The increase of activities of fission products and transmutation products in the primary coolant of a nuclear power plant indicates the presence of fuel rod failures. The measurement of the activity concentration of the primary coolant was able to detect fuel failures in the reactor core. Microanalytical methods for examining individual hot particles have been developed and applied to fuel failure detection under normal operation conditions as well as during the severe fuel damage that occurred in the cleaning tank incident at Unit 2 of NPP Paks in April 2003. Several faulty fuel rods can be detected simultaneously by the characterization of individual hot particles originating from the primary water. The analysis of particles originating from the damaged fuels provides information relating to the dissolution process of the fuel debris.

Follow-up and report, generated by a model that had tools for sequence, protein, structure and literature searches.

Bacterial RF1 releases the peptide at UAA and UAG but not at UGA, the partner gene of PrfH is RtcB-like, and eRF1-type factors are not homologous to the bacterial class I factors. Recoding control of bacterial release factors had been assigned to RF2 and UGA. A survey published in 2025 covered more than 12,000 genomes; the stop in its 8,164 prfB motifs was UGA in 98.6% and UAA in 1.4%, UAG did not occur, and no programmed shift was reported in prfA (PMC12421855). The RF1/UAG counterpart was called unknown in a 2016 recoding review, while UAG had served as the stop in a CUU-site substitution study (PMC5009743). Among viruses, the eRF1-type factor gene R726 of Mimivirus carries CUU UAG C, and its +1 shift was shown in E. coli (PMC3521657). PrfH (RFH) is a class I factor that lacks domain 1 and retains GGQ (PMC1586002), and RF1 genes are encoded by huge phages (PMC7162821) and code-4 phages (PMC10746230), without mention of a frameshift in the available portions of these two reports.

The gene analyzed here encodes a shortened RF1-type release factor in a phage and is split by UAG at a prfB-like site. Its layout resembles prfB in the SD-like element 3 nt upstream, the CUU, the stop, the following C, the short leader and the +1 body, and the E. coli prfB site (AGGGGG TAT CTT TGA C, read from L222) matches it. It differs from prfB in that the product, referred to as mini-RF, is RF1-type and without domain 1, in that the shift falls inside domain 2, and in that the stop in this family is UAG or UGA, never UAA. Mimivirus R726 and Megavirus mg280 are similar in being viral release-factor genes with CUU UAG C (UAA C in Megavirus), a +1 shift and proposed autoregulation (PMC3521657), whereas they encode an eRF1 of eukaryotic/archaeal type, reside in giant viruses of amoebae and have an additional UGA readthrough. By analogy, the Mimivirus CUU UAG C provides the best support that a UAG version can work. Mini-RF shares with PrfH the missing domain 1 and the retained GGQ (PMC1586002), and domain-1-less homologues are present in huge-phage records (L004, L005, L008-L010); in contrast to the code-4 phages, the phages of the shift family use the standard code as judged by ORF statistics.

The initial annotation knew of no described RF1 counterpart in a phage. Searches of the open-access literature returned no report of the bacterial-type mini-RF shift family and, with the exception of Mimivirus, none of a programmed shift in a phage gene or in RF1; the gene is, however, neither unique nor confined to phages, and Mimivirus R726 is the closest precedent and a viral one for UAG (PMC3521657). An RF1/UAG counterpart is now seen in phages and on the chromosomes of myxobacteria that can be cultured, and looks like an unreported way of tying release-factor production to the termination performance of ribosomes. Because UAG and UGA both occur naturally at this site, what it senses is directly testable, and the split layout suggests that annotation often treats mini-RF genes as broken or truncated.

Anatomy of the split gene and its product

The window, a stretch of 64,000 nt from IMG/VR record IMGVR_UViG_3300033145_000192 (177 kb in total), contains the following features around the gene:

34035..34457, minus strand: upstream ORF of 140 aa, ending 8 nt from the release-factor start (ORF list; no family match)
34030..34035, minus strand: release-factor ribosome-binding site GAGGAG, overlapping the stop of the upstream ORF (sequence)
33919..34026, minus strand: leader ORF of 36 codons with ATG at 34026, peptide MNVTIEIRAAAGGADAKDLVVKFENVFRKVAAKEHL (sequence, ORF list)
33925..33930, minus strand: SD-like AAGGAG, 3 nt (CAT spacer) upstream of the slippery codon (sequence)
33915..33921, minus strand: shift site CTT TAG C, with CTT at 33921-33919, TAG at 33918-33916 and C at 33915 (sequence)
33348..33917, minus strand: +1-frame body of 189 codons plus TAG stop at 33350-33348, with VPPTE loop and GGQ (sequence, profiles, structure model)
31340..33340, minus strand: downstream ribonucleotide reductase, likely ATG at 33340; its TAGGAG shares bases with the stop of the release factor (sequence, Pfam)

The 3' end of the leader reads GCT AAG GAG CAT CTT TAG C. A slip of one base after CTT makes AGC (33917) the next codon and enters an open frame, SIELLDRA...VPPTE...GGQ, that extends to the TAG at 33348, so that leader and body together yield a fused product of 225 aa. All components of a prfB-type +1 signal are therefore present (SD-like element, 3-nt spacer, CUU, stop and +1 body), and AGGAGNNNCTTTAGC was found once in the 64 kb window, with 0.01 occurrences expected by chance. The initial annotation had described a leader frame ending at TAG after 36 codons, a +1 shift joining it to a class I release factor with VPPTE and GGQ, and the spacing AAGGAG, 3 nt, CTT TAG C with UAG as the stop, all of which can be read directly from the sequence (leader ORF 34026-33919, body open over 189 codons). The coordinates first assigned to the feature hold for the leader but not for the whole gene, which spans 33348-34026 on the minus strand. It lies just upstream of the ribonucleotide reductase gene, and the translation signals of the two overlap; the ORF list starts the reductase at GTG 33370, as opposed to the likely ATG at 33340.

P. Slavyagin, L. Lusanova and V. Miglo: “Regulation of the Fission Product Activity in the Primary Coolant and Assessment of Defective Fuel Rod Characteristics in Steady-State VVER-Type Reactor Operation”, In: Proceedings of Int. Topical Meeting on Light Water Reactor Fuel performance, Park City, Utah, April, 2000, (CD).
 J. Santucci (Ed.): Failed Fuel Action Plan Guidelines, NP-5521-SR, Special Report, 1987.
 G. Rosner: Messungen von Aktinidennukliden in Primarwasser des Kernkraftwerkes Gundremmingen, GSF-Bericht S-596, Neuherberg, 1979.
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